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ON THE MANIFESTO PROJECT’S RIGHT AND LEFT

WHAT FOLLOWS IS a self-encouraged civics lesson concerning political parties, right, left, and center, as identified by the Manifesto Project. This organization’s findings were the subject of “What Happened to America’s Political Center of Gravity?,” by Sahil Chinoy in The New York Times, June 26, 2019.

My Self-Encouraged Civics Lesson is less about the study’s findings than it is my gaining insight on the Manifesto Project itself.

Initially, the word “manifesto” was a bit off-putting. Isn’t that what wackos scribble prior to their evil deeds?

And, for example, in studying anything as complex as the political right, left, and center, I first needed to consider the source. I’d heavily discount anything proclaimed by the likes of patrobotics, RT America, Fox News, or InfoWars. To me, such outlets subscribe to a Political Heisenberg Uncertainty Principle: Their extreme views affect whatever they’re analyzing. Their fabrication level is high; their veracity is low.

The Manifesto Project’s methodology, by contrast, derives “from a content analysis of parties’ electoral manifestos. It covers over 1000 parties from 1945 until today in over 50 countries on five continents.”

According to Wikipedia, “In 2003, Hans-Dieter Kligemann of Social Science Research Center Berlin received the American Political Science Association’s Liijphart/Przeworski/Verba Data Set Award for the project. Since October 2009, the Manifesto Project has been financed by a long-term funding grant from the Deutsche Forschungsgemeinschaft.” The DFG, German Research Foundation, is a counterpart to the U.S. National Science Foundation.

Succinctly, the Manifesto Project is legit.

Who’s Left? Right? Center? Manifesto Project researchers analyze what political parties profess, not what the parties actually accomplish or claim to.

A sampling of criteria used in Manifesto Project analyses. Image assembled from The New York Times, June 30, 2019.

The following infographic describes America’s two-party system among political parties in more than 50 countries, data going back to 1945.

Source: Analysis of data from the Manifesto Project. The New York Times, June 30, 2019.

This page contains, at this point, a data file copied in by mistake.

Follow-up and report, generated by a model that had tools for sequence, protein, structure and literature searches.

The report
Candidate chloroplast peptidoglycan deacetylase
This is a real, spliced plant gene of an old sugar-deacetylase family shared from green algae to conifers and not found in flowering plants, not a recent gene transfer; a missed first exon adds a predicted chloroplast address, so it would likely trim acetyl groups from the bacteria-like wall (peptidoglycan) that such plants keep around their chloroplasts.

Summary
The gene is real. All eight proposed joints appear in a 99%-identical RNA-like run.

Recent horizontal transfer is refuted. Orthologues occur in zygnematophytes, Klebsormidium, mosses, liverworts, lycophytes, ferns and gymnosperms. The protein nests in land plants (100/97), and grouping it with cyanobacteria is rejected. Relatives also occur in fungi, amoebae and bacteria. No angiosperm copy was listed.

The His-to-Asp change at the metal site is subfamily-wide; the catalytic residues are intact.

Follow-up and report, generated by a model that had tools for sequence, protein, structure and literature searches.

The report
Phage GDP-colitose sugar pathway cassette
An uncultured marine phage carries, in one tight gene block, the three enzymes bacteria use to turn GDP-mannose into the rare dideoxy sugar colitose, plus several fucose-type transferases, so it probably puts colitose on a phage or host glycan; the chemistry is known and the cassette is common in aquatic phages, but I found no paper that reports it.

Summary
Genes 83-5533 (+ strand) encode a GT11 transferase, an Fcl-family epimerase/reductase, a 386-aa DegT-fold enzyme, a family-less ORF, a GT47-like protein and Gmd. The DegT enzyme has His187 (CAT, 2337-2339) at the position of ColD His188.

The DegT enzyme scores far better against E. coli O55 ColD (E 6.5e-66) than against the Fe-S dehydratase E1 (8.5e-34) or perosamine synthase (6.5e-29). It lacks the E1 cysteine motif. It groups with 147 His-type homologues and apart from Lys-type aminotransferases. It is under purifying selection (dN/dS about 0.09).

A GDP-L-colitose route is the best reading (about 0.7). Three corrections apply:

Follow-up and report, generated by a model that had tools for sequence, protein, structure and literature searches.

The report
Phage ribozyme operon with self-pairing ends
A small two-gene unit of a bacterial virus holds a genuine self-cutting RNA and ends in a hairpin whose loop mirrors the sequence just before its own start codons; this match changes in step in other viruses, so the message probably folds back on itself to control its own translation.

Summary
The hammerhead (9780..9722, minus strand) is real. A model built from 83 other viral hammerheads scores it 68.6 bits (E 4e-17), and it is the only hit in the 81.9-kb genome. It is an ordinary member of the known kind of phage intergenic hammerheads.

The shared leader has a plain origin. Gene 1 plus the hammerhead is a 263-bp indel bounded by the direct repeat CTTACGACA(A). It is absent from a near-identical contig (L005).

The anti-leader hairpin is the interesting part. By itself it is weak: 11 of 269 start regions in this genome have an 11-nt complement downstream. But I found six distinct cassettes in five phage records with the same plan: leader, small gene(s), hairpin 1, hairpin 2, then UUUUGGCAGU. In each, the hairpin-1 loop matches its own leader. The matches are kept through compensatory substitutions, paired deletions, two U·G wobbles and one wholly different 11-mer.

The circles are sized based on percentages of the vote won by parties in their latest elections. Only parties that won more than one percent of the vote and are still in existence are shown. Parties are in a selection of Western European countries, Canada, and the U.S.

A Sampling of Far Right Views. The New York Times infographic identified by number several Far Right parties’ typical characteristics: The U.K. Independence Party (1) proposed Muslim-only prisons. France’s National Rally (2) changed its name to shed a racist image; it used to be the National Front. Austria’s Freedom Party (3) has ties with a far-right extremist group. Finland’s Finns Party (4) has campaigned against climate action. Alternative for Germany (5) wants to ban burqas in public. The Danish People’s Party (6) eschews a “multiethnic society.” The Swiss People’s Party (7) is committed to “Western Christian culture.” And the Party for Freedom (8) wants to shut down the Netherland’s mosques.

Contrasting Democrats and Republications. In analyzing Manifesto Project data, Sahil Chinoy cites that “The Republican Party leans much further right than most traditional conservative parties in Western Europe and Canada, according to an analysis of their election manifestos…. The Democratic Party, in contrast, is positioned closer to mainstream liberal parties.”

Chinoy contrasts Europeans’ many political parties with the U.S. two-party system, “which leaves less room for fringe groups.” He quotes Richard Bensel, a political scientist at Cornell, on the growing split between Democrats and Republicans. Bensel said, “Democracy doesn’t work with that kind of polarization.”

A thoughtful infographic; a thoughtful article. ds

© Dennis Simanaitis, SimanaitisSays.com, 2019

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